Speaking at Kadyrov's inauguration ceremony in Gudermes on April 5, presidential envoy to the Southern Federal District Dmitry Kozak warned that Chechens' collective aspirations to a better life can be realized only within the parameters of the laws and constitution of the Russian Federation, a clear allusion to the hypothesis floated by commentator Sergei Markedonov in early March that Kadyrov either harbors a secret separatist agenda, or that he may seek to blackmail Putin's successor by demanding ever-increasing economic subsidies as the price for Chechnya remaining a part of the Russian Federation.
Broader Power Struggle
There are indications, however, that Kadyrov may have already decided on the first step towards augmenting his power and influence -- by launching a campaign to have neighboring Ingushetia again joined with Chechnya to form a single republic. Kadyrov's close associate Dukvakha Abdurakhmanov, chairman of the lower chamber of the Chechen parliament, proposed such a merger last summer, even though Ingushetian President Murat Zyazikov has consistently argued against it.
Zyazikov was present both at the consultations in Grozny on February 21 at which Kozak selected Kadyrov as one of three possible candidates as republic head, and at the March 2 parliament session that confirmed him in that post. Immediately after that vote, Kadyrov personally chauffeured Kozak and Zyazikov to Nazran, where they spoke to journalists. Although both Zyazikov and Kadyrov stressed the cordial relations between their respective republics, Zyazikov's entire demeanor and body language signaled defeat and acute distress, the most probable explanation for his evident discomfort being that he is aware that his days as president may be numbered.
The Chechen leadership's apparent decision not to push any longer for a draft power-sharing treaty between the federal center and the Chechen Republic, but to demand instead a free economic zone on Chechen territory, may likewise be part of a longer-term broader strategy under which the Chechen Republic in its current borders and with its current name may soon be a thing of the past.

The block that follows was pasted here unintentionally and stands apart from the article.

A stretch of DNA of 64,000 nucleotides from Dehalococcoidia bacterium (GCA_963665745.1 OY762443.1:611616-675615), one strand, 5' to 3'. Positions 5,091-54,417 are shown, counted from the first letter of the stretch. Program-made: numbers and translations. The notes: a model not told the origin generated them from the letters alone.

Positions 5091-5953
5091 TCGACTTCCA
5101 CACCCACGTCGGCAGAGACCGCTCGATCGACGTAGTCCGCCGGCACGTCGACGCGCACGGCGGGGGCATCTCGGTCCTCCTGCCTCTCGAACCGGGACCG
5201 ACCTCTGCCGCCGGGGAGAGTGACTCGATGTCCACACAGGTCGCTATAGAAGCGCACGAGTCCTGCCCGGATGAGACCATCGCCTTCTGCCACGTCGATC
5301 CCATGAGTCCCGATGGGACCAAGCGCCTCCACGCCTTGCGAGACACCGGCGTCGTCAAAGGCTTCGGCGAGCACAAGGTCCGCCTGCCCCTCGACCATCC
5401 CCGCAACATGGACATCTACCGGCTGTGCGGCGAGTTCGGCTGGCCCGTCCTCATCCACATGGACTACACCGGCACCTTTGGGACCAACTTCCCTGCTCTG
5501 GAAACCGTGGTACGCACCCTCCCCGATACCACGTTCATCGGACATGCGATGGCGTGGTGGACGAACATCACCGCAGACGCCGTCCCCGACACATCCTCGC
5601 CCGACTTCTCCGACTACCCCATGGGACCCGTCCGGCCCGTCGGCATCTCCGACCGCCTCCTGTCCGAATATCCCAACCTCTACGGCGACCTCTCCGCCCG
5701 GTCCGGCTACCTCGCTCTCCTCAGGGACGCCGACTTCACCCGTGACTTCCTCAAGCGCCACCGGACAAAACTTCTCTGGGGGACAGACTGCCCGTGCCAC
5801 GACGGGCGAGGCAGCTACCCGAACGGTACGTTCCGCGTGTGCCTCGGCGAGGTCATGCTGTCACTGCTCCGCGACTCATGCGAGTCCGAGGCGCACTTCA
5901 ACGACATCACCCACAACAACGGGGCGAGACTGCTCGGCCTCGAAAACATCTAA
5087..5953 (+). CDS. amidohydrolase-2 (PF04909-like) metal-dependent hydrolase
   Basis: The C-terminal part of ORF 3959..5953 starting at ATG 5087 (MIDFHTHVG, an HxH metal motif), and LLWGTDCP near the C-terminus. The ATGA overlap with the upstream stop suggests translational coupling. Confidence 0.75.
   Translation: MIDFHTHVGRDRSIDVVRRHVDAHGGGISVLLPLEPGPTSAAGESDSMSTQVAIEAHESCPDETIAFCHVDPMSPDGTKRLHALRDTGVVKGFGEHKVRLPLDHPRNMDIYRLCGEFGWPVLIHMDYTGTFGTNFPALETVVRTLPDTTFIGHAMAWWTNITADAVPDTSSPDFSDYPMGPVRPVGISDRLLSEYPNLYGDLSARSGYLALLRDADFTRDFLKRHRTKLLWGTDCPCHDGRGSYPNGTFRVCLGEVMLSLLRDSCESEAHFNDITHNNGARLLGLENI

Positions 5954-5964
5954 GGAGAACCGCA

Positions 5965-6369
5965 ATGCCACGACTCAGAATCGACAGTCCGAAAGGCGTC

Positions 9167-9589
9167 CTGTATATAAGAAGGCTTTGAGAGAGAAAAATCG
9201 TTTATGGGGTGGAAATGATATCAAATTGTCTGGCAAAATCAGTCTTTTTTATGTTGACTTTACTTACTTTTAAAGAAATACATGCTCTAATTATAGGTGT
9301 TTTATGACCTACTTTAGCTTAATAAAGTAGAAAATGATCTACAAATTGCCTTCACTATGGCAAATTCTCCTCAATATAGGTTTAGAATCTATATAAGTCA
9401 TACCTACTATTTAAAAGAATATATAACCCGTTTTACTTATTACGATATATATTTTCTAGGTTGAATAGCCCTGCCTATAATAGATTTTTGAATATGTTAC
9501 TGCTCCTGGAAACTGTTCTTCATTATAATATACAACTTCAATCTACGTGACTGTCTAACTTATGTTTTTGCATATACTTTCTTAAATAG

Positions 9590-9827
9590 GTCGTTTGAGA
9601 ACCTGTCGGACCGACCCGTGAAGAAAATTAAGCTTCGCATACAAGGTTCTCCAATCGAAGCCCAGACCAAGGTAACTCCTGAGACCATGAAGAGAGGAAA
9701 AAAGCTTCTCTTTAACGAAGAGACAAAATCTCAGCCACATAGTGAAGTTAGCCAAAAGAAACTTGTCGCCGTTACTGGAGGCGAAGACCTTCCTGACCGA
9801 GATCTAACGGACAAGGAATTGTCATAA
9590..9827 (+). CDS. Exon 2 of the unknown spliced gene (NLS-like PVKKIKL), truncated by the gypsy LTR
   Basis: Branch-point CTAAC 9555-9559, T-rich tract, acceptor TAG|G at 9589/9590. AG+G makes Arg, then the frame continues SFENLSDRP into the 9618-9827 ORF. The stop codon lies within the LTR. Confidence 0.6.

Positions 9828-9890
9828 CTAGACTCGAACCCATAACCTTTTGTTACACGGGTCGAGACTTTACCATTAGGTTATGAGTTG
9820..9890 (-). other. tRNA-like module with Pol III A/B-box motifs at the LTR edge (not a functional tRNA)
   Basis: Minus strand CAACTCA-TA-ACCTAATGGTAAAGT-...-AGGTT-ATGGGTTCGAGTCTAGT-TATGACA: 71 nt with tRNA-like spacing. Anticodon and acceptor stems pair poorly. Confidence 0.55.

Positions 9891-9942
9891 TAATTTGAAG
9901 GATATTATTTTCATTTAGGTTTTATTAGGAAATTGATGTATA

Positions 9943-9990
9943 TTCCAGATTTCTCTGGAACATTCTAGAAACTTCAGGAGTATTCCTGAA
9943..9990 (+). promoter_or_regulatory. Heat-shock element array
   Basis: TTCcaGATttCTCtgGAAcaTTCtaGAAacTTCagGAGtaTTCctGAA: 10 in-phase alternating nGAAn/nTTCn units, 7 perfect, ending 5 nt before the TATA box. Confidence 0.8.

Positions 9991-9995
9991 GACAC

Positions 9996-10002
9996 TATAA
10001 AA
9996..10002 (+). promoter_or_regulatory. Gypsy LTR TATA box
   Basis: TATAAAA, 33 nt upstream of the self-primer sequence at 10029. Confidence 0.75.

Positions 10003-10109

Despite his reputation for tolerating corruption and his near-zero popularity among the population of Ingushetia, Zyazikov has been regarded until now as unsinkable, given that both he and Putin are veterans of the Federal Security Service (FSB). Zyazikov requested, and obtained, a formal expression of approval from Putin in the summer of 2005.
The question thus arises: is Putin so assured of his future postpresidential role that he could afford to risk alienating his former FSB colleagues by publicly sacrificing Zyazikov at this juncture? Or will Putin leave it to his successor to decide on both Zyazikov's removal and the abolition of Ingushetia as a full-fledged subject of the Russian Federation?
Ever since his father, pro-Kremlin Chechen President Akhmed-Hadji Kadyrov was killed in a May 2004 bomb blast in Grozny, Ramzan Kadyrov has risen to prominence.
In March 2006, First Deputy Prime Minister Kadyrov, who heads a personal army of 10,000 heavily armed fighters, was named prime minister. His reign as premier has been characterized by divisions in the Chechen leadership and accusations of torture. But he has also been credited with improving living standards in the republic.
In October, he turned 30, clearing the way for running for president.